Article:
Hartwick College Cuts Division I Women’s Water Polo Program

Typically-Division III Hartwick College in Oneonta, New York, has announced a significant change to its athletics offerings. That includes cutting women’s water polo team, effective at the end of the current season.

The decisions come as the school decides to withdraw from Division I athletics, where they still sponsored two sports: women’s water polo and men’s soccer. The men’s soccer program will be reclassified to Division III, while the women’s water polo program will be dropped altogether.

“Competing in two NCAA divisions is rare, and the decision to continue to play in two NCAA divisions has been reviewed a number of times over the last several decades,” a letter from the Board of Trustees said. The letter pointed out that both teams had success at the Division I level in the past, but pointed out that in spite of “a number of regional divisional titles during its 17 years of competition,” the team hasn’t progressed to the NCAA Tournament in 10 years.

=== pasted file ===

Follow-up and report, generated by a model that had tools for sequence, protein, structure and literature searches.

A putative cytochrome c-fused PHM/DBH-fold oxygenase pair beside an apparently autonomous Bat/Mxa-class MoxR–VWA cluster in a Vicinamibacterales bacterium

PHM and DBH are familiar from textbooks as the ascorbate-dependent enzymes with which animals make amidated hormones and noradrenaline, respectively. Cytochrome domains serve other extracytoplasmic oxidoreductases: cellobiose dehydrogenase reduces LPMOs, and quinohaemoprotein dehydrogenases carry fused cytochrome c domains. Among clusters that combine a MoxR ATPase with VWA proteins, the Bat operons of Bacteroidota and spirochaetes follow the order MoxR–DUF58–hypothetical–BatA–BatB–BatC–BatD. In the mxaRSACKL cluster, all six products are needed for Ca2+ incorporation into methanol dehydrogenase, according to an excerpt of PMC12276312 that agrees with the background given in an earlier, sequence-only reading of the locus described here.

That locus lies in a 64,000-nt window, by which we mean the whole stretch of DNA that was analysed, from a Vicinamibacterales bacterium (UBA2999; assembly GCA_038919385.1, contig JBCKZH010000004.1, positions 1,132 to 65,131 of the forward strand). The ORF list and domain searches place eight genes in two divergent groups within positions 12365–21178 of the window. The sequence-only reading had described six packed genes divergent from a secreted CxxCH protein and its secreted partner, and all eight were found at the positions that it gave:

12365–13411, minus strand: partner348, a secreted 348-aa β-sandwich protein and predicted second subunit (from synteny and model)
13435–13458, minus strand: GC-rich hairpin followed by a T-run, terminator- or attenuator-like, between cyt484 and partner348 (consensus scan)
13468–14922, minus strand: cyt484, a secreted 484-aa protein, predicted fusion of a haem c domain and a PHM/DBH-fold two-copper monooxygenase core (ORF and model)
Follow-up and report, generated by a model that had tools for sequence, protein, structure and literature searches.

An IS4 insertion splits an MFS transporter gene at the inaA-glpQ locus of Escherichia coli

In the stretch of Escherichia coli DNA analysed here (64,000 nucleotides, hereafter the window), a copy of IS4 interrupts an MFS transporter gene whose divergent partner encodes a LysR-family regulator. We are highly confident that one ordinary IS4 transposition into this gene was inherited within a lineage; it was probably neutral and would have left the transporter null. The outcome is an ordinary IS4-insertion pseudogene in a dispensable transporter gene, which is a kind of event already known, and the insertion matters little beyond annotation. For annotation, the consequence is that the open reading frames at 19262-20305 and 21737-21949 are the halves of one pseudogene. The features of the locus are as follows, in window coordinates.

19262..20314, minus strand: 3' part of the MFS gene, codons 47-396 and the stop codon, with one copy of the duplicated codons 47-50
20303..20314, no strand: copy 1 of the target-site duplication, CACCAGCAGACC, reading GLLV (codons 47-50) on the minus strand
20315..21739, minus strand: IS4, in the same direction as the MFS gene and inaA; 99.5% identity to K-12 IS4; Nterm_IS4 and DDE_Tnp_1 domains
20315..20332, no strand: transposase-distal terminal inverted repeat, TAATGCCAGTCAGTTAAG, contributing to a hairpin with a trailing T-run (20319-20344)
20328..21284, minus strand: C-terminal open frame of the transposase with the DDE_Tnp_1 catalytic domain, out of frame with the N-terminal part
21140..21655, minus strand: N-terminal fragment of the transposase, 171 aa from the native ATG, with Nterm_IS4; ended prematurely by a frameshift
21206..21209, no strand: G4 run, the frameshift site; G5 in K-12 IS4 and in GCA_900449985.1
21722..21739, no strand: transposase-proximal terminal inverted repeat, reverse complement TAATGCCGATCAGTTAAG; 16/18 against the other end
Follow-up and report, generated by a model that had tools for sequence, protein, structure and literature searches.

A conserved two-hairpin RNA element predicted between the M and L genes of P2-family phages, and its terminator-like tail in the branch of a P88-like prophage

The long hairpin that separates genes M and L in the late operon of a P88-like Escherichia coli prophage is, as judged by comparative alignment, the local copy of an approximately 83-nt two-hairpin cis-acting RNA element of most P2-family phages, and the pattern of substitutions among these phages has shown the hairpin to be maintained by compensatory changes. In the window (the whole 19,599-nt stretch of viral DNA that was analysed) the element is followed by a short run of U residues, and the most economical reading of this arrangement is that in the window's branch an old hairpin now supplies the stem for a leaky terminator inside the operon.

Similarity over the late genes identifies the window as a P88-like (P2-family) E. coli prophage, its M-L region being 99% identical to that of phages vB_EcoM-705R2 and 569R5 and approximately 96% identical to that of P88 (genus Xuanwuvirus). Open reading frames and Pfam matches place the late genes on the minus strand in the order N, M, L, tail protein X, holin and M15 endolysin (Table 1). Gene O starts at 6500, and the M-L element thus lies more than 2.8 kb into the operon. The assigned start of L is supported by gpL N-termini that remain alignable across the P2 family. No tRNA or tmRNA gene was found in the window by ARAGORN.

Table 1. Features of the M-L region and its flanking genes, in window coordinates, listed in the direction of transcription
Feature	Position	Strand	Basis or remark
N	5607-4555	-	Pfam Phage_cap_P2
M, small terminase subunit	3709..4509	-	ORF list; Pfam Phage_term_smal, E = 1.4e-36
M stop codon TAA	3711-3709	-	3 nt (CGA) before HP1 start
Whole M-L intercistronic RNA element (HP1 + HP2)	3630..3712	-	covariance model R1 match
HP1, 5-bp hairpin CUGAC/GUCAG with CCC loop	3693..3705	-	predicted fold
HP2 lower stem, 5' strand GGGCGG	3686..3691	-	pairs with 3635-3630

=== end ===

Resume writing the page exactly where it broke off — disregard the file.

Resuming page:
“During this time, the expectations for world-class facilities have increased, as has the expectation of scholarship support. Hartwick currently provides over $925,000 per year inextraordinary athletic aid to our 54 DI student athletes in addition to standard merit and needbased financial aid of $1.3M, and yet many DI athletes seek more support. We are unable to host NCAA tournament play in water polo because of the structure of our pool (having both a shallow and a deep end). Practice, training and playing facilities, though appropriate for competitive DIII play, are not of the caliber seen at universities that support highly competitive DI teams.